While we eagerly await the ninth installment of the Fast and Furious franchise, we can take some temporary solace in the spinoff film currently sitting pretty in theaters, Fast and Furious Presents: Hobbs & Shaw. It’s been billed as an action-filled buddy-cop flick. I have five main takeaways to present to you at this time.
As Jalopnik’s resident Fast and Furious scholar, it would have been a crime on my part had I not gone to see this movie during opening weekend. I made myself a few drinks at home before walking to the movies, because nobody should see these movies 100 percent sober if they can help it, and then gave myself over to the cool darkness of the theater.
Warning! Spoilers ahead!
To give you a quick rundown, Hobbs & Shaw is where two secondary characters from previous Fast and Furious movies, Lucas Hobbs (Dwayne Johnson) and Deckard Shaw (Jason Statham), team up to track down the deadly “Snowflake” virus that Shaw’s sister, Hattie (Vanessa Kirby), steals and injects within herself to keep safe from Brixton Lore (Idris Elba).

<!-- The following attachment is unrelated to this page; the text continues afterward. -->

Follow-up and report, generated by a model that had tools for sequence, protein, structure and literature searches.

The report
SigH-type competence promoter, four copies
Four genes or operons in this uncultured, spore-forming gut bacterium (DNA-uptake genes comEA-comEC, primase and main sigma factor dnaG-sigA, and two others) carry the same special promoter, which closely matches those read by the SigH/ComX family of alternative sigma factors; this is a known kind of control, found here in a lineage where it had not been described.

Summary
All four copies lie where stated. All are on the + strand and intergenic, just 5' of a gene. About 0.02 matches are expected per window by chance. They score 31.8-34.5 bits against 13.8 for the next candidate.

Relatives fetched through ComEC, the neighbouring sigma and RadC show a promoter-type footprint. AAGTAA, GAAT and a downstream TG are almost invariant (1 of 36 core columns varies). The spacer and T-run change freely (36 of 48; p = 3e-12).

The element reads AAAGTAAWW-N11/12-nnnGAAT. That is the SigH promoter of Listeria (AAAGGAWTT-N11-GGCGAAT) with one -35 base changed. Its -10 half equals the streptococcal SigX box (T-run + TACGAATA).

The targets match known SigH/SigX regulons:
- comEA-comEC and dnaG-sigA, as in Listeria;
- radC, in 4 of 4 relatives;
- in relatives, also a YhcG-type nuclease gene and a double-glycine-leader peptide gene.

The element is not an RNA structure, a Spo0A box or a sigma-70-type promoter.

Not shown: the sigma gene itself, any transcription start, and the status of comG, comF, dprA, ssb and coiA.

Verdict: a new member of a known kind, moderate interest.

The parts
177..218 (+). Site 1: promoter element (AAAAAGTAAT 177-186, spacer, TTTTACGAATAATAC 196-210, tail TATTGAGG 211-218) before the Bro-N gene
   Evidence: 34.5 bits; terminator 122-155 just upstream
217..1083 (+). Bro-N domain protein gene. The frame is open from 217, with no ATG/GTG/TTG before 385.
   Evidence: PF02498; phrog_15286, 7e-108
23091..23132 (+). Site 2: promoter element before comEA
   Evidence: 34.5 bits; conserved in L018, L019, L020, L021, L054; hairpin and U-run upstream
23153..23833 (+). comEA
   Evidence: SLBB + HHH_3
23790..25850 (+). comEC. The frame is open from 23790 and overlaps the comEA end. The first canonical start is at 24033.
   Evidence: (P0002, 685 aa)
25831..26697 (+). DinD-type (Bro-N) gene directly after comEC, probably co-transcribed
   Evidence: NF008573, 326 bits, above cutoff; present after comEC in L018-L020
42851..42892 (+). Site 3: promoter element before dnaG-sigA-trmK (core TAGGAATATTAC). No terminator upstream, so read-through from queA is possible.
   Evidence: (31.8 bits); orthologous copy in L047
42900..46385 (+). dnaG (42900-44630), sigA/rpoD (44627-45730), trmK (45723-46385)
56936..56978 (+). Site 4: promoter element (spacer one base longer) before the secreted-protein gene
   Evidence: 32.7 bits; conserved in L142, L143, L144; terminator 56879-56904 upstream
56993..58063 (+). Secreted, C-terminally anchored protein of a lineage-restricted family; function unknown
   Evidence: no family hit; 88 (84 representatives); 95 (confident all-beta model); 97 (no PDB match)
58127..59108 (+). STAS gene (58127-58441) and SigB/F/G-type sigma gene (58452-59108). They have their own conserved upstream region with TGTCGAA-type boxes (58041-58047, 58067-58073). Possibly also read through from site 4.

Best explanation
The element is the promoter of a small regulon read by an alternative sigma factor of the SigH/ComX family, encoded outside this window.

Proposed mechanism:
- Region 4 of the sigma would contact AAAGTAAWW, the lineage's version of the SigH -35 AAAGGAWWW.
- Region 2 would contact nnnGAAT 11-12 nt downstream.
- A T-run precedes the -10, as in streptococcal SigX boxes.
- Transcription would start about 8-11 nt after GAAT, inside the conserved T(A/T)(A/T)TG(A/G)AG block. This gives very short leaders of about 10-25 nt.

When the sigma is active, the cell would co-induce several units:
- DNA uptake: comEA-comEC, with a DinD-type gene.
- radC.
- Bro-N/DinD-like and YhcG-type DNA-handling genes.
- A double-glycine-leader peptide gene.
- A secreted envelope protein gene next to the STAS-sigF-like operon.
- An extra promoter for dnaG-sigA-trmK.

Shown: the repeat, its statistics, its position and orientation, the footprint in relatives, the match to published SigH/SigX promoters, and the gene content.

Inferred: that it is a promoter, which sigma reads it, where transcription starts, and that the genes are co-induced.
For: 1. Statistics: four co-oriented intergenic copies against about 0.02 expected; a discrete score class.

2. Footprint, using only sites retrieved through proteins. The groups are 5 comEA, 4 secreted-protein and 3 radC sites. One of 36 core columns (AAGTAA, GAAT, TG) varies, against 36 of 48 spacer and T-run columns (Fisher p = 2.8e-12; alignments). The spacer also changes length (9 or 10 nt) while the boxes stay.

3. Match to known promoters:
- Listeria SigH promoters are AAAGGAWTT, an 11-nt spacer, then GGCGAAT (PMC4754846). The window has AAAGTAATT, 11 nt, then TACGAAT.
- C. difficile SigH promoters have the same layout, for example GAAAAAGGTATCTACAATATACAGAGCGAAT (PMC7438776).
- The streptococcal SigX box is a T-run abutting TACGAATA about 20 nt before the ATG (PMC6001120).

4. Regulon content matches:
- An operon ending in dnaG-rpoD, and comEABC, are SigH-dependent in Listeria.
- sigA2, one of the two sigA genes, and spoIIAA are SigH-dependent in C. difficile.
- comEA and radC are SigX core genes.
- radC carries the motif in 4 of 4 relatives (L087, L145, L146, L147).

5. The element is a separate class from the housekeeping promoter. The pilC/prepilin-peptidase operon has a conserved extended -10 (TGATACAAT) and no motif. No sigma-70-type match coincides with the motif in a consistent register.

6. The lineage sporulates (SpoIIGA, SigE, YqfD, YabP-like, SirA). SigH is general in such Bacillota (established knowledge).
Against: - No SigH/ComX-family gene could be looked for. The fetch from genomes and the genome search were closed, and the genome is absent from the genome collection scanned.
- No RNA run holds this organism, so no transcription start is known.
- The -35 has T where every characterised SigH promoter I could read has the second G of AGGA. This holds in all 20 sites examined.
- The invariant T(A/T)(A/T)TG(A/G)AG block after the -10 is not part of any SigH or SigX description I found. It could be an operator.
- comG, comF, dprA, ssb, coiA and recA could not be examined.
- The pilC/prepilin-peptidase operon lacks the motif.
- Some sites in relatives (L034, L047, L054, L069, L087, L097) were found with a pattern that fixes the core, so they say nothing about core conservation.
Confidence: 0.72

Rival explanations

Lore and the mysterious terrorist organization he works for, Eteon, want to unleash the virus on the human race and rid the planet of things like the horrors of capitalism. Which honestly doesn’t sound too terrible to me!
Ultimately, Hobbs and Shaw are able to defeat Lore with the help of Hobbs’ Samoan family. The battle is won, but it isn’t the end of Eteon. I assume there’s going to be a sequel of the spinoff.
I think the biggest reason this movie happened at all because it has two of Hollywood’s biggest (literally) action heroes kicking ass and talking shit to one another in the interim. It’s not terribly high-brow humor, either. The shit-talking ranges from discussions about dick size and even a “your mother” jab, but it’s done in good fun and I couldn’t get too mad about it.